Shopping is not exactly my favourite pastime.
Ever since my wife and I married fifty years ago, I have accompanied her on most of her food shopping excursions; and I am fairly familiar with the layout of most supermarkets within a five mile radius of our home and am known … like many men, apparently … to browse idly through displays of products which we do not normally use or, not infrequently, have never used at all.
So it comes about that I associate turmeric with a suggestion made by Asda: “Why not try sprinkling turmeric into the water when cooking rice to add a vibrant colour. Use to complement vegetable, bean and lentil dishes. Also great in curries, soups and relishes.” There is a jar of turmeric among our selection of spices in the larder: but turmeric comes into the category of seldom used products, for I associate turmeric with curries and we don’t eat many of these. And, of course, I am entirely correct in my association of turmeric with curries, for turmeric is one of the key ingredients in many Asian dishes, to which it gives a slightly bitter flavour and a pungent aroma. It is extensively used to impart an attractive, golden-yellow colour to many dishes, although the principal use of turmeric is as one of the main constituents of curry powders.
The powdered form of turmeric … the usual way we’ll find it in the United Kingdom … is made from the plant’s roots, boiled, dried in ovens and then ground into the orange-yellow powder which we usually find in small jars in the spices section of the shop. The plant whose roots are used in this way is a member of the ginger family which needs temperatures of between 20°C and 30°C … say, 68°F - 86°F in old money … and a thoroughly wet climate, so it won’t thrive in my garden. It does do extremely well in the Indian subcontinent and Southeast Asia, its native lands, which goes a very long way to explaining its use in Indian cuisine. And so I was surprised to see an advertisement for Opti-Turmeric, describing the product as being high potency easily absorbed liquid turmeric in capsules.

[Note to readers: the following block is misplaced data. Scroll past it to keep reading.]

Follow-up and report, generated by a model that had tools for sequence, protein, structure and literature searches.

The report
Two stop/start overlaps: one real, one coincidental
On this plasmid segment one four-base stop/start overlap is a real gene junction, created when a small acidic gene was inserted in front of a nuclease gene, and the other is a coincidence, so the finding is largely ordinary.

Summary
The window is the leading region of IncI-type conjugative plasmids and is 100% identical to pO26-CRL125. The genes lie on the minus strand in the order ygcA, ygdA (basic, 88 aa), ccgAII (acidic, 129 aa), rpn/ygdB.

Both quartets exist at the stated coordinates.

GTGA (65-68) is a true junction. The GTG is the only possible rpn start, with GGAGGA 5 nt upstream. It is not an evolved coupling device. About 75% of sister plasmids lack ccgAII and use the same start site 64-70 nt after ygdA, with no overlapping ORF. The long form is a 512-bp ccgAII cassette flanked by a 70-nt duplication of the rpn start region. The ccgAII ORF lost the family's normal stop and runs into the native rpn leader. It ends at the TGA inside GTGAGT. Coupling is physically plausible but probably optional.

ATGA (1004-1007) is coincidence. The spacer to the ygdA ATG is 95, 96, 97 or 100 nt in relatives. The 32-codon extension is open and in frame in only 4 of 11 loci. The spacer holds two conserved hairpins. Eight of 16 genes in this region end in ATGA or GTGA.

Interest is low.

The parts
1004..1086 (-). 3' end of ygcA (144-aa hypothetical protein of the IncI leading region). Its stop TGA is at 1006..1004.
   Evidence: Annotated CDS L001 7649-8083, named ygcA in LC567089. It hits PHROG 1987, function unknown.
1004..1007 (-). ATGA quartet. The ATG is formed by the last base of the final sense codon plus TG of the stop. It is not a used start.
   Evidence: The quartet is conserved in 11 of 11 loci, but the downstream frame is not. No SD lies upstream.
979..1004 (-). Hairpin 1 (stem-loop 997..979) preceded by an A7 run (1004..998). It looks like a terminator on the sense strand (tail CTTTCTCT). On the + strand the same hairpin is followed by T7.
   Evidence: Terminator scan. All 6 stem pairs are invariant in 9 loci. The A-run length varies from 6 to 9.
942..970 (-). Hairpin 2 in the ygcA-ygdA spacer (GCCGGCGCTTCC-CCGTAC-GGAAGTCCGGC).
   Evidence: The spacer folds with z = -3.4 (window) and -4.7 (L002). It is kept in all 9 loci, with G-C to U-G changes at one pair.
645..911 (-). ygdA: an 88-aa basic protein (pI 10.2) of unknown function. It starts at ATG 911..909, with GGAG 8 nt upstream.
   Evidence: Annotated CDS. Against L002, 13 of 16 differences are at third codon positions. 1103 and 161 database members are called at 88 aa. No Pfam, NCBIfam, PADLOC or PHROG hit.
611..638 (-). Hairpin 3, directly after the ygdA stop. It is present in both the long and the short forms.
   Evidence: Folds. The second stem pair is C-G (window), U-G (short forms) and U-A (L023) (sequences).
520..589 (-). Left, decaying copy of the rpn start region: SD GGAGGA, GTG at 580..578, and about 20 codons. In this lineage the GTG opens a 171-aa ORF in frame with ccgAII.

The manufacturer’s website describes the product in these words: ‘Known as “the golden spice of India” (where 80-90% of turmeric is produced), turmeric is gaining popularity for its perceived health properties across the globe. Although clinical research still remains inconclusive, the health benefits of turmeric have been praised for centuries in traditional Indian (Ayurveda) and Chinese medicines.’ So what health benefits are ascribed to turmeric in Ayurvedic, medicine? Well, Chinese and Indian folk-medicine used turmeric to treat a wide variety of diseases and health problems, including heartburn, diarrhoea, stomach bloating, colds, fibromyalgia … a long-term condition that causes pain all over the body … and depression which, when one thinks about it, could well be brought on by fibromyalgia. But I must emphasise that ‘clinical research still remains inconclusive’ and caution that turmeric should not be regarded as a cure-all and that I am neither endorsing claims made for the health benefits of this spice nor recommending its use as a herbal medicine.
There is a certain fascination, nevertheless, to learn from the Boots website, that ‘A small study in Thailand in 2012 found it may help lower the risk of type 2 diabetes. It found that over 9 months a daily dose of a supplement containing curcumin seemed to prevent new cases of type 2 diabetes among certain people at risk. However, more research is needed.’ (Curcumin might be described as the active ingredient in turmeric.) Might the type 2 diabetes, from which I suffer, have been prevented if I had eaten more chicken tikka masala?